Page 45 Review by Jonathan
"These kids reference Rummy and Dick like they taught them how to cheat at poker. So tell me, Google. Do you regret our time in Iraq?"
"What? No way! Shit, Kendricks, I still remember the four of us talking about what we'd do with Al-Qaeda's fortune if we ever found it... You? How are things since you bought the team?"
"Honestly? Caesar's Hand has never been better!"
"Yeah? Tell me!"
I tell you what, I'll let the publisher give you a need-to-know briefing instead. And trust me, you do need to know about this work, because it's a hugely captivating, very believable espionage escapade set in 2020 replete with hi-tech upgrades and killer Euro-style ligne claire art, all contributing to making it an absolute belter. It's full of odious characters, all with their own agendas, plus the odd innocent thrown into the New World Order blender for good measure.
Here we go, just remember your wallet will self-destruct in five seconds if you don't head straight to the Page 45 website after reading this...
"Intriguing characters and plotlines intertwine in a near-future political thriller drawing on contemporary world events and actual growing technology contributing to a cyberwar in both reality and virtual reality. When Lindsey, a young student in London, is rescued from a riot by Chamza, a young woman from the Arab world, they begin a relationship based on both fascination and convenience.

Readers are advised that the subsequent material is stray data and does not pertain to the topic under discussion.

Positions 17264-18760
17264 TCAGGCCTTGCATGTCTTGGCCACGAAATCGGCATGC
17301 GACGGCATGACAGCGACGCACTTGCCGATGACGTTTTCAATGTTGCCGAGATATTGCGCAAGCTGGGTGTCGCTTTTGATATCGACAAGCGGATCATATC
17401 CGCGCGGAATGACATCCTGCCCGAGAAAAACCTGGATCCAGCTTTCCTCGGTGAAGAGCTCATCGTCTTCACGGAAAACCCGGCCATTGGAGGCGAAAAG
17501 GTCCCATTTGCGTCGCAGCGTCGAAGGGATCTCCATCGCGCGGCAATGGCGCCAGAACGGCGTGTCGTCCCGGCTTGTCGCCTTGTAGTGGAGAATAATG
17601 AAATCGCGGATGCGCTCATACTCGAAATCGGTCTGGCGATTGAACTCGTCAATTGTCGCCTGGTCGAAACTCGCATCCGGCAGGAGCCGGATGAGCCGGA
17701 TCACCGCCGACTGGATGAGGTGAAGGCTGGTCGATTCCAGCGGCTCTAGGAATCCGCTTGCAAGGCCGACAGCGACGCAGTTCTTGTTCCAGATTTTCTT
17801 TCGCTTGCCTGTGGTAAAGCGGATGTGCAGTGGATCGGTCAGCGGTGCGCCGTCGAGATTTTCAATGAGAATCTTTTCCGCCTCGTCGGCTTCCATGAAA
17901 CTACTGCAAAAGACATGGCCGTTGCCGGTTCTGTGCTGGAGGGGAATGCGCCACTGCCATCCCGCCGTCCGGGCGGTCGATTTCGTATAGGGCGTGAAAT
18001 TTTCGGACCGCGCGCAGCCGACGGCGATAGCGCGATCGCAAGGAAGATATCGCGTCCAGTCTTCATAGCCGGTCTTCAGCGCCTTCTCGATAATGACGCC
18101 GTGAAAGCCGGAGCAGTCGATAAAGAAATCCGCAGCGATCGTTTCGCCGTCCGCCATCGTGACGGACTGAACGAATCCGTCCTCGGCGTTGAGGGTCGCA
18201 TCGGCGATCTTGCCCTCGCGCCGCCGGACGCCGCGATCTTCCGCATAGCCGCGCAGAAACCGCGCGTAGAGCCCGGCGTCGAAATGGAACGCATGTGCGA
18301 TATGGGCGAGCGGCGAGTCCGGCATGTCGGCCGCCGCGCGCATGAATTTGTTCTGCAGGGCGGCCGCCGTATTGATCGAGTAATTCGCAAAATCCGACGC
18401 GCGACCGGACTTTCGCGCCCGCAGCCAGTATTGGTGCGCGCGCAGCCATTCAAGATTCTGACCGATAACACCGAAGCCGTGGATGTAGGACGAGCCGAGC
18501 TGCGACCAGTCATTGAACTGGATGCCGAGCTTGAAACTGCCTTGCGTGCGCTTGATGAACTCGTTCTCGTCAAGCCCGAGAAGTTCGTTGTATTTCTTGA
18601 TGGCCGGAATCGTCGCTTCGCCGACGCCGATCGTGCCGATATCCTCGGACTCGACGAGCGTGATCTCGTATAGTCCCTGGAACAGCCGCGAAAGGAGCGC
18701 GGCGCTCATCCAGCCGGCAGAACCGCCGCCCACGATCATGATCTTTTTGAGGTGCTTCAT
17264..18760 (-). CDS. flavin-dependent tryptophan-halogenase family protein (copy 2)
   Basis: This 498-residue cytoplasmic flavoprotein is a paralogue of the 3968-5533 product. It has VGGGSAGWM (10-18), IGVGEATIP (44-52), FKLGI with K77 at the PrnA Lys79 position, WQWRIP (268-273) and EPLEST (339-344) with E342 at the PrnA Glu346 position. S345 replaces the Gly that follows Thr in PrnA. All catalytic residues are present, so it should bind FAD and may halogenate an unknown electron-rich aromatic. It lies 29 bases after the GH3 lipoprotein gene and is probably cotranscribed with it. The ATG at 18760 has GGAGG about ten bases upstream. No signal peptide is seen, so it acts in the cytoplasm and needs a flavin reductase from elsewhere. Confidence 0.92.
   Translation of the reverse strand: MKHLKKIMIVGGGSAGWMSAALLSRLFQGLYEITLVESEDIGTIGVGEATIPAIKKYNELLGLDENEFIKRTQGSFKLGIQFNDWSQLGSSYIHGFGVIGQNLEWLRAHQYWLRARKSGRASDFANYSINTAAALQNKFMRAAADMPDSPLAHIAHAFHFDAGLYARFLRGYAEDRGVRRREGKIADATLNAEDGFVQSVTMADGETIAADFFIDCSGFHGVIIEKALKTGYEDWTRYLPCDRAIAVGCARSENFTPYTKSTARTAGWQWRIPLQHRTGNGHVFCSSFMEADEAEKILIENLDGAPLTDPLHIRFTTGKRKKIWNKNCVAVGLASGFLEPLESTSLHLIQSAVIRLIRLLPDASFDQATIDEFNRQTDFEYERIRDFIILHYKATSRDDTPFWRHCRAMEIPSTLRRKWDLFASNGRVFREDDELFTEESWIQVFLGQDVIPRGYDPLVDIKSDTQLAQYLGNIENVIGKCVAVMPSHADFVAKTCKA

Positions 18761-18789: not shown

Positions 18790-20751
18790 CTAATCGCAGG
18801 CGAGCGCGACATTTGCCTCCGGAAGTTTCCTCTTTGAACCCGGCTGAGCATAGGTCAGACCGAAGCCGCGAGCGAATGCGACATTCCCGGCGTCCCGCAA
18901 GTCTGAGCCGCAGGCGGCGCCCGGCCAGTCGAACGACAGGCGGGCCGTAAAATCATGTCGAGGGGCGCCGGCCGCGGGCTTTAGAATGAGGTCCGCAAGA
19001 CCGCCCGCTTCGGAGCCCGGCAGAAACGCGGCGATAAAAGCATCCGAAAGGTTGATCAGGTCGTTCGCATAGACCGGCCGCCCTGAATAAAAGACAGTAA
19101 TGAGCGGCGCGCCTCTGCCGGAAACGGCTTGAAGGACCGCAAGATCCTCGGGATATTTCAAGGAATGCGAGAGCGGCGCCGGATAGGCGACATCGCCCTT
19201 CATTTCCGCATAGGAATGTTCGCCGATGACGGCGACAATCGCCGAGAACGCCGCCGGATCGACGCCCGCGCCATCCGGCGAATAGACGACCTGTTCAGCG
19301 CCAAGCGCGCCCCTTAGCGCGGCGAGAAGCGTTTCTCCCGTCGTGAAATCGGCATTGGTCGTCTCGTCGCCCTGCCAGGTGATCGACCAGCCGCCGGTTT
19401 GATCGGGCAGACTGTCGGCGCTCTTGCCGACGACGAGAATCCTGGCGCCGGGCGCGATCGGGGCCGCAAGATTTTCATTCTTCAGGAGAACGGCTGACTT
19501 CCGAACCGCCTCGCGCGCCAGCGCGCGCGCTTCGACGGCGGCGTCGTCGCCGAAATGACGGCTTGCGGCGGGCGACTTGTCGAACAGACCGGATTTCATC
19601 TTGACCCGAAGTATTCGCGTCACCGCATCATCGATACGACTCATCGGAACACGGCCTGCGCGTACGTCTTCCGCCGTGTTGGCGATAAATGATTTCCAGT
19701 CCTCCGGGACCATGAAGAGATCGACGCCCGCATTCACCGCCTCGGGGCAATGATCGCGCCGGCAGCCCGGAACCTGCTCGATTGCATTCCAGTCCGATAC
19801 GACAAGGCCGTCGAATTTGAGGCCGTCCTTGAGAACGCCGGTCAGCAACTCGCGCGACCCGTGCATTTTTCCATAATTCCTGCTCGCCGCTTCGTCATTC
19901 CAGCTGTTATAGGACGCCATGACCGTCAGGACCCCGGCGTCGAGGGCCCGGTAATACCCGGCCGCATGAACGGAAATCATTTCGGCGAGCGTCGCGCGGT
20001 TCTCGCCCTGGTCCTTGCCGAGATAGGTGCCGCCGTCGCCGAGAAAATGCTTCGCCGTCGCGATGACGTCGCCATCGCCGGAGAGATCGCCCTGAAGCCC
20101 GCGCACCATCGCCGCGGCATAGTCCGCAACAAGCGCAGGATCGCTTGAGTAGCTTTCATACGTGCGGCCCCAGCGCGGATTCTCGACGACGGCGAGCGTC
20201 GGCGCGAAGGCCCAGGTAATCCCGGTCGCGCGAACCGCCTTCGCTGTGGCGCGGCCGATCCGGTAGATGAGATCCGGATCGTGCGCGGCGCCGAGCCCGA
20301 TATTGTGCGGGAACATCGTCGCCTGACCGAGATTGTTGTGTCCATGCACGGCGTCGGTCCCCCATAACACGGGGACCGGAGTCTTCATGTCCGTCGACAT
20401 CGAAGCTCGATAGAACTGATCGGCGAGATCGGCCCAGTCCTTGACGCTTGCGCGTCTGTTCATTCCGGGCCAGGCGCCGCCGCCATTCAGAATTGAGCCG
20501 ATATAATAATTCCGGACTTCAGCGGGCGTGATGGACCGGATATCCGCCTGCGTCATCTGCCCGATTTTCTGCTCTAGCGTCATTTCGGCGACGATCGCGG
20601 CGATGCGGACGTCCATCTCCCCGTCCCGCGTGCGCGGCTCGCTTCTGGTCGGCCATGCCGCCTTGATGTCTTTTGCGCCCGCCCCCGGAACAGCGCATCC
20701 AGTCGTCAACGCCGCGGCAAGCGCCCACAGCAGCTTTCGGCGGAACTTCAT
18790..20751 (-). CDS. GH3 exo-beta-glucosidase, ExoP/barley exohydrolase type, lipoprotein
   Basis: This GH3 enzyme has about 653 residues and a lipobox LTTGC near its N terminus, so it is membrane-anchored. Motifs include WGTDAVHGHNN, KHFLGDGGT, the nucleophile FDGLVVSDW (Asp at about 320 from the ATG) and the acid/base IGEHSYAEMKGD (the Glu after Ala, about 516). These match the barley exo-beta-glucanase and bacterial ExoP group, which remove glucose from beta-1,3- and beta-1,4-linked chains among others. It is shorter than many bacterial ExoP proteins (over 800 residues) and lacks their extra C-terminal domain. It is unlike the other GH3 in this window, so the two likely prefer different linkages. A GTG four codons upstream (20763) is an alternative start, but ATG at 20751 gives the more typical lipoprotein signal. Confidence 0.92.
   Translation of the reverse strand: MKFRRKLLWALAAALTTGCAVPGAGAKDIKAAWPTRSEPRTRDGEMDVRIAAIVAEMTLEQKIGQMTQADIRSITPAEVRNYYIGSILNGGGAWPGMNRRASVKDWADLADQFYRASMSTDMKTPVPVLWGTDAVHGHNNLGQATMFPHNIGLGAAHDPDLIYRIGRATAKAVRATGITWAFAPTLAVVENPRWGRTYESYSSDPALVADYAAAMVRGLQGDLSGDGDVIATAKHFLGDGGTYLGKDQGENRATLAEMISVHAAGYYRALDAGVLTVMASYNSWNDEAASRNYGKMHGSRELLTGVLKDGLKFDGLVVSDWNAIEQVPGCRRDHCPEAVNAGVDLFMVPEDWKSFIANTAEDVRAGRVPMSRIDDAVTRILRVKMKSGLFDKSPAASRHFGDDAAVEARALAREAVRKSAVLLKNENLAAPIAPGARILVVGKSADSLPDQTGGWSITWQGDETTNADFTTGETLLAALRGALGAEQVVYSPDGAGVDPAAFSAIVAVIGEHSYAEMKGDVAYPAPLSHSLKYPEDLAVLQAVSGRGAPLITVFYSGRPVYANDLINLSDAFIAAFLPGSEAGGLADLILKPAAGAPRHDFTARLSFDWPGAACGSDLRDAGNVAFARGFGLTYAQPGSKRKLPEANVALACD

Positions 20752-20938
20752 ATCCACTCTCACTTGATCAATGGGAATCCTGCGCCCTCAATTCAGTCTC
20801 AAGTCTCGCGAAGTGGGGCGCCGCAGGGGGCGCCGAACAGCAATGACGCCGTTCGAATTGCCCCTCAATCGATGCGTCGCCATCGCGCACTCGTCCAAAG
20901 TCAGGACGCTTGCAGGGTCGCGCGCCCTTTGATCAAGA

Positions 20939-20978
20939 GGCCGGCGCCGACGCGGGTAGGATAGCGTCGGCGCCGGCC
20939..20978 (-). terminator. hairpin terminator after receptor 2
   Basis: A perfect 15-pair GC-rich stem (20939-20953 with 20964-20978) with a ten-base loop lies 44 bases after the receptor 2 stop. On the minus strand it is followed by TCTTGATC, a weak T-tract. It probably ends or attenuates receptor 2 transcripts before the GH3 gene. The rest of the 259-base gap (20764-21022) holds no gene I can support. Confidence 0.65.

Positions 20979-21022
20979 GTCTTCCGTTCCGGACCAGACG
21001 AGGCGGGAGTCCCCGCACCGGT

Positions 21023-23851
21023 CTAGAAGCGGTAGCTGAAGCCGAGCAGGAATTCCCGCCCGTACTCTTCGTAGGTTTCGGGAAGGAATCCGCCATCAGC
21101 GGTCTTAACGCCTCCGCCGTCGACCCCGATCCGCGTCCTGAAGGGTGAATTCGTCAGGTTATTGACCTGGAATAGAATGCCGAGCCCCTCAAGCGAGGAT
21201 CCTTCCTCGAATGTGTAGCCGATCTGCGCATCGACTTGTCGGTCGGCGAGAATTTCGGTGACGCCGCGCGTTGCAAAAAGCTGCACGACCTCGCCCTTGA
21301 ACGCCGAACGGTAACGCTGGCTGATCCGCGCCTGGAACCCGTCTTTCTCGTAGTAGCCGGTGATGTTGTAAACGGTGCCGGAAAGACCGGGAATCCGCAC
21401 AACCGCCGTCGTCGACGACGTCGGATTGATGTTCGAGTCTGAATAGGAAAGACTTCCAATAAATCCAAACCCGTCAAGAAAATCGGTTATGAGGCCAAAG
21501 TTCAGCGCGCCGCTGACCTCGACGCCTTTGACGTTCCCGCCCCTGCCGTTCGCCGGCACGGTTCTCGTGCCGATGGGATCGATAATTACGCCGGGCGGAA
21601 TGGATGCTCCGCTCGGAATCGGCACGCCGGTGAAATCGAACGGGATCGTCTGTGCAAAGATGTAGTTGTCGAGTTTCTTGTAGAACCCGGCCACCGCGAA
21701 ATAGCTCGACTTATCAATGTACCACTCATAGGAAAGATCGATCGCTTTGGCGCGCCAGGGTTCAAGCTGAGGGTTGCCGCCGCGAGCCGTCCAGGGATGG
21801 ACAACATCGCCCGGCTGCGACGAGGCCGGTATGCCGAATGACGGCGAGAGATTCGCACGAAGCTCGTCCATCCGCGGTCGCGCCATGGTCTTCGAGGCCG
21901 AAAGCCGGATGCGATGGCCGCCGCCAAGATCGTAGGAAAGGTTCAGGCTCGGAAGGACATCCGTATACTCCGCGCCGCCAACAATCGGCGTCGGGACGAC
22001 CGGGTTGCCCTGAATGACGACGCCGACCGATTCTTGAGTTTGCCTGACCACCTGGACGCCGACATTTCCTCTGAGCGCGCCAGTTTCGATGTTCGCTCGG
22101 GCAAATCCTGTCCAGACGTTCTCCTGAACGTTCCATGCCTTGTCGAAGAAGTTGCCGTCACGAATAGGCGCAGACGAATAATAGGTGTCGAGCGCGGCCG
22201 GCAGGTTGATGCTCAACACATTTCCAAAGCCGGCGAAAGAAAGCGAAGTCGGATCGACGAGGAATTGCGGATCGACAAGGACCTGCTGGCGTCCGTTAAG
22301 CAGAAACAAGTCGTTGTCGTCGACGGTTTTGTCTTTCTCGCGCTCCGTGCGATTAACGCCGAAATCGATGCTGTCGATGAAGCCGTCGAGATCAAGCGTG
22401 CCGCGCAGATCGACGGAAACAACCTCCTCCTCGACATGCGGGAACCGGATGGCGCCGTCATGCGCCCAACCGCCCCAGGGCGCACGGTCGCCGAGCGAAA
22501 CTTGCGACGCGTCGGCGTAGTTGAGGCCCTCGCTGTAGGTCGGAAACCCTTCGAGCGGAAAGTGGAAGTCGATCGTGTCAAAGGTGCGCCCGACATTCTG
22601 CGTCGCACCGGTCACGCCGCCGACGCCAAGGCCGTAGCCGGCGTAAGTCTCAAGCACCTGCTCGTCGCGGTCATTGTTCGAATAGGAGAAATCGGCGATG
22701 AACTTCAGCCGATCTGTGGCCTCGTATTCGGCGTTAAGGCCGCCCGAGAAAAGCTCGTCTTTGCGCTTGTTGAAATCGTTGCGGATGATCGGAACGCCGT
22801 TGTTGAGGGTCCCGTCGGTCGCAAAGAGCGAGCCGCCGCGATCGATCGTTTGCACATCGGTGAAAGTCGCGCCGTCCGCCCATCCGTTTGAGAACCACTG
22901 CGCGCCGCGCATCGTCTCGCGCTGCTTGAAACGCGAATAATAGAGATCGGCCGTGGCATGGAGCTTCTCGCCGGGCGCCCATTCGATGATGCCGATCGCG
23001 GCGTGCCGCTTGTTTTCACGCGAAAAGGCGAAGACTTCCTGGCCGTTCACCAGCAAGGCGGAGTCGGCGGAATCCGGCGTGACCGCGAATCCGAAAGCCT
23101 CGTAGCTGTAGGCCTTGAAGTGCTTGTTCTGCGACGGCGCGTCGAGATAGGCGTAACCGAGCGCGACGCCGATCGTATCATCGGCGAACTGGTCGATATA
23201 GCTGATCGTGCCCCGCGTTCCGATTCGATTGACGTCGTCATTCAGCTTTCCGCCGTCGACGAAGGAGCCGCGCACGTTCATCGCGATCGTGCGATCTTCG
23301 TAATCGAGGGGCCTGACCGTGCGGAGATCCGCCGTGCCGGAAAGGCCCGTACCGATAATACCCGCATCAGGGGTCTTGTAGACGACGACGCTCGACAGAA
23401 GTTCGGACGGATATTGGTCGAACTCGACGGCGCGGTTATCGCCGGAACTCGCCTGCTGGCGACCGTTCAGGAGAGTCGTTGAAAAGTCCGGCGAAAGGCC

"Before she knows it, Lindsey is drawn into a world of vast wealth and intrigue; her new friend seems to have ties to political movements and revolutionaries throughout the Islamic world, but it is not clear what their agenda might be, or where her great wealth comes from. Could it be the fabled legendary lost treasure of Al-Qaeda, supposedly amassed through insider trading prior to 9/11?
Unbeknownst to either Lindsey or Chamza, a set of US contractors called Caesar's Hand, all veterans of war in Iraq and the CIA's rendition program, are focusing their sites on Chamza, believing her wealth is indeed the key to a larger threat to the entire world economy. The series looks at surveillance, clandestine military action, and class warfare in the twilight of the current War on Terror, all within the context of a thriller that ultimately seeks to find out what controls the global economy."
If they can manage to find Al-Qaeda's lost treasure, I'm calling in Caesar's Hand to sort out Brexit before the British economy self-destructs completely... In meanwhile why not enjoy ten absorbing issues of high-octane excitement bound in a very presentable chunky hardback for the exceedingly reasonable price of £19-99? Go on, I'm watching you...